The first is the ideal way - but doesn't work in anything due to the use of
:first-child

..mybox
{
width: 200px;
background-color: #c0c0c0;
color: #000000;
margin-bottom: 10px;
}

..mybox > *
{
background-color: #ffffff;
color: inherit;
border: 1px solid #000000;
border-top: none;
position: relative;
top: -4px;
left: -4px;
margin: 0;
padding: 0;
}

..mybox:first-child
{
background-color: #e0e0ff;
border-top: 1px solid #000000;
color: inherit;
}

The second version will work in firefox fine (certainly 1.5, not sure about
1.0), but still not in IE6 (not sure about IE7)

..mybox
{
width: 200px;
background-color: #c0c0c0;
color: #000000;
margin-bottom: 10px;
}

..mybox > *
{
background-color: #e0e0ff;
color: inherit;
border: 1px solid #000000;
position: relative;
top: -4px;
left: -4px;
margin: 0;
padding: 0;
}

..mybox > * + *
{
border-top: none;
background-color: #ffffff;
color: inherit;
}

Still, I think the original link is the best cross browser method available
at the moment, but I just wanted to show how things might be in the brighter
future. :-)

ME
May 2 '06 #36

P: n/a
"Alan J. Flavell" <fl*****@physics.gla.ac.uk> wrote in message
news:Pi*******************************@ppepc87.ph. gla.ac.uk...
Now, here's something odd that I pondered on:

Unicode has two sets of chess pieces, called "white" and "black".
See the set at e.g
http://ppewww.ph.gla.ac.uk/~flavell/...a26.html#x2654
(assuming you have a capable font).

If you exhibit them on a black background, they disappear (not
surprisingly).

If you style a "black" one white, on a black background, then it
looks like a white piece.

Which leaves only the "white" one, styled white, to represent the
black piece on a black background.

http://ppewww.ph.gla.ac.uk/~flavell/tests/chessfun.html

This would surely be confusing content with presentation ;-)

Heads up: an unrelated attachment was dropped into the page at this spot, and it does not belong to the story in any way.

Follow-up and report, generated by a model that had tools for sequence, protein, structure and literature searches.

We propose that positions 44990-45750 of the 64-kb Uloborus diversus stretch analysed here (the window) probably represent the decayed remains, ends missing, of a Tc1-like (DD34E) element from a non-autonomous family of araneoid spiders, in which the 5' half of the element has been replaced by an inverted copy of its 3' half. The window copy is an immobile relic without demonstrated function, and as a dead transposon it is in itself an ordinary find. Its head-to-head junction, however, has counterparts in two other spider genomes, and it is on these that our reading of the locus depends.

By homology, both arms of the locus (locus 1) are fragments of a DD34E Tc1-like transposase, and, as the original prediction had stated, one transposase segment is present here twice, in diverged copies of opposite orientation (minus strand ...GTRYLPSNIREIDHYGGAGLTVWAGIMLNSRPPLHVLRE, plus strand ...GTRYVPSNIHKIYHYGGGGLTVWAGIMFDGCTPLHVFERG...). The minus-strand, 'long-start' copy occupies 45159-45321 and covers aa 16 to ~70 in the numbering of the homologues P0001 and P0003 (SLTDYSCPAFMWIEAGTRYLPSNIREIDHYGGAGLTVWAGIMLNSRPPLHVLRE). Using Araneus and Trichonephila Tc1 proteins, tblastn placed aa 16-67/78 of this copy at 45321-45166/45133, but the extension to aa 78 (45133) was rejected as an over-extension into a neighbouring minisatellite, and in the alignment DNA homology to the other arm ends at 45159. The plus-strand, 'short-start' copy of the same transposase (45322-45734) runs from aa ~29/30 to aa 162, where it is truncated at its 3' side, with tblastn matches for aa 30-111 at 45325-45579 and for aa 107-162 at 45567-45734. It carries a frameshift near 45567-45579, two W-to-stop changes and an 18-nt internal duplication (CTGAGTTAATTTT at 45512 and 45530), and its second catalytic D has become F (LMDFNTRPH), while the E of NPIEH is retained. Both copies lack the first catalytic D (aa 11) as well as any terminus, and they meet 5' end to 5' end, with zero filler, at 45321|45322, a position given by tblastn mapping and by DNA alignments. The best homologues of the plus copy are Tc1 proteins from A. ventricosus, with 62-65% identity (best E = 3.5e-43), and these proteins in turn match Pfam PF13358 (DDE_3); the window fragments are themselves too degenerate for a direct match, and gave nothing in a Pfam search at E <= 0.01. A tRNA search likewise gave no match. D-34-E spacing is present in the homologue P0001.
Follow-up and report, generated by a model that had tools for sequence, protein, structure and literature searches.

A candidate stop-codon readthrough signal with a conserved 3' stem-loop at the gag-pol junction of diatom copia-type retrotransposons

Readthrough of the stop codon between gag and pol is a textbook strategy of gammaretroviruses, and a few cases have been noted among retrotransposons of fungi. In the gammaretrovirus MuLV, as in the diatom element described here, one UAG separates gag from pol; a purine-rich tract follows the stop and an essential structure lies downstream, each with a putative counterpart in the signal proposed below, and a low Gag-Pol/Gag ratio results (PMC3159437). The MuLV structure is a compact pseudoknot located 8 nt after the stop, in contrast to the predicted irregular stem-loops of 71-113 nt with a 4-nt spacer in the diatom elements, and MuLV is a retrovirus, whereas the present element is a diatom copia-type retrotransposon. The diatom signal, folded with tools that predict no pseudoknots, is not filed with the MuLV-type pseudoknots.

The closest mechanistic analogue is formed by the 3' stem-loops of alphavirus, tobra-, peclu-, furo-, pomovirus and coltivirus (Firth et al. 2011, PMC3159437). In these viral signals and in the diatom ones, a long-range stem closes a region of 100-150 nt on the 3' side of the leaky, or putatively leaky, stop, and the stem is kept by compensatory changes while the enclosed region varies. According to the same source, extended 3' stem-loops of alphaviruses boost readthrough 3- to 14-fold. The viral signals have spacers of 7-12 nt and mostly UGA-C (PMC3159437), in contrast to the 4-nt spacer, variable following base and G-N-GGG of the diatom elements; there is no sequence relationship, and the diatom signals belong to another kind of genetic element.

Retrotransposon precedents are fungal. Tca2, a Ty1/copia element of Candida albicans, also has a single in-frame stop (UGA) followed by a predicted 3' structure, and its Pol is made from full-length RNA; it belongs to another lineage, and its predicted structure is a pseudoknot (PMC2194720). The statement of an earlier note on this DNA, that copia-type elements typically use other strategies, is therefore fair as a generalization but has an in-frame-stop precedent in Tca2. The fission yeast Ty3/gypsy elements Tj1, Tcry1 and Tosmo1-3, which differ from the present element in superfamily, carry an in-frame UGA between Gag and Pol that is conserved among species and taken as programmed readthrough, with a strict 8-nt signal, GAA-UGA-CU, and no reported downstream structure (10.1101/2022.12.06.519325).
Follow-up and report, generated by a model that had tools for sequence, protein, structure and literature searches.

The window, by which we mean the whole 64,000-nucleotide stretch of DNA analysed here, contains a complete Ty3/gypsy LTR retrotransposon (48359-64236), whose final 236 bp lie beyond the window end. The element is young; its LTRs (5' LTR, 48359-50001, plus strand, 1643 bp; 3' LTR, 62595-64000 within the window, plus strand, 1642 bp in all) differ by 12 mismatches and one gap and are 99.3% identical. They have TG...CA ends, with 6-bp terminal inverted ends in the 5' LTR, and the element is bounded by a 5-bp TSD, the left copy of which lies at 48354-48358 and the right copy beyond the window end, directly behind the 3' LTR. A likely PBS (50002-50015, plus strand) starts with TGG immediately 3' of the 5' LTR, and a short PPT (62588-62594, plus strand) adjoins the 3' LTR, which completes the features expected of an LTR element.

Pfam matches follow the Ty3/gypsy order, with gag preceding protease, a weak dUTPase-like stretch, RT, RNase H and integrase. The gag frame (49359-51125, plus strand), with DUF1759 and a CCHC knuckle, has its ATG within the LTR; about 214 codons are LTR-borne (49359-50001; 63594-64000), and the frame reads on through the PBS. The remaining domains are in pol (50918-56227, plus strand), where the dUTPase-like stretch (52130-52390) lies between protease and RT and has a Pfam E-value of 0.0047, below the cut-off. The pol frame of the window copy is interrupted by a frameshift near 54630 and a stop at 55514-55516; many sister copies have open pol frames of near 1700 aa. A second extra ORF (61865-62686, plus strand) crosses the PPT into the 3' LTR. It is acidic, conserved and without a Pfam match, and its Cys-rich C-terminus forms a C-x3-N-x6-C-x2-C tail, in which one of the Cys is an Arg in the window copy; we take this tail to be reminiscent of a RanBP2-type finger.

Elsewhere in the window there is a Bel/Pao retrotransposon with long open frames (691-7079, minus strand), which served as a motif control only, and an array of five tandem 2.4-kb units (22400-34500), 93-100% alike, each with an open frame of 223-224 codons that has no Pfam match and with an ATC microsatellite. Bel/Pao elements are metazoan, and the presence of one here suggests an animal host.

I can't see those characters in my browser (firefox 1.5 on windows server
2003). I just get question marks instead. Is there a way to fix that - eg.
changing fonts?

Anyway, one way round this problem I would think would be to use spans or
divs to contain the chess pieces, and use css content. I would expect it to
work in firefox. I you were able to turn than into an example page showing
all the chess pieces on the chess board in starting places I'd be pretty
impressed.

eg.

_html_

<td><div class="black king"></div></td>

_style (I am only using round brackets () to denote shorthand)_

black king {content: '♚'}

(css for a black square) > black king {content: '♔'; colour: white}
May 2 '06 #37

P: n/a
On Tue, 2 May 2006, Martin Eyles wrote:

[...]
http://ppewww.ph.gla.ac.uk/~flavell/tests/chessfun.html

This would surely be confusing content with presentation ;-)
I can't see those characters in my browser (firefox 1.5 on windows
server 2003). I just get question marks instead. Is there a way to
fix that - eg. changing fonts?


If you have MS Office, or other eligible application, then it's worth
installing Arial Unicode MS from it. SIL Viewglyph, at any rate,
tells me that the glyphs are present there. AFAIK this font still does
not come free with any bare OS, but many MS products have it included.

The glyphs are also present in the shareware unicode font "Code2000"
which a web search should easily find.

Unfortunately I don't really know how to ask the Windows font system
the question "which of my installed fonts contain this specific
Unicode character?". I only know how to browse a given font (e.g with
SIL Viewglyph) and see whether it does or not. At any rate, "Lucida
Sans Unicode", which has a fair character repertoire, and comes as
standard with current Windows OSes, does not contain the chess pieces
(though it does contain the four card suits, in black - U+2660, 3, 5
and 6).

I found, incidentally, that installing Japanese language support (even
though I can't read it) had the side effect of considerably improving
my coverage of mathematical operators and various other symbols.
See e.g http://www.alanwood.net/unicode/fontsbyrange.html#u2600
which may explain it - Windows is presumably installing extra fonts
which just /happen/ also to have improved symbol repertoires.
Anyway, one way round this problem I would think would be to use
spans or divs to contain the chess pieces, and use css content. I
would expect it to work in firefox. I you were able to turn than
into an example page showing all the chess pieces on the chess board
in starting places I'd be pretty impressed.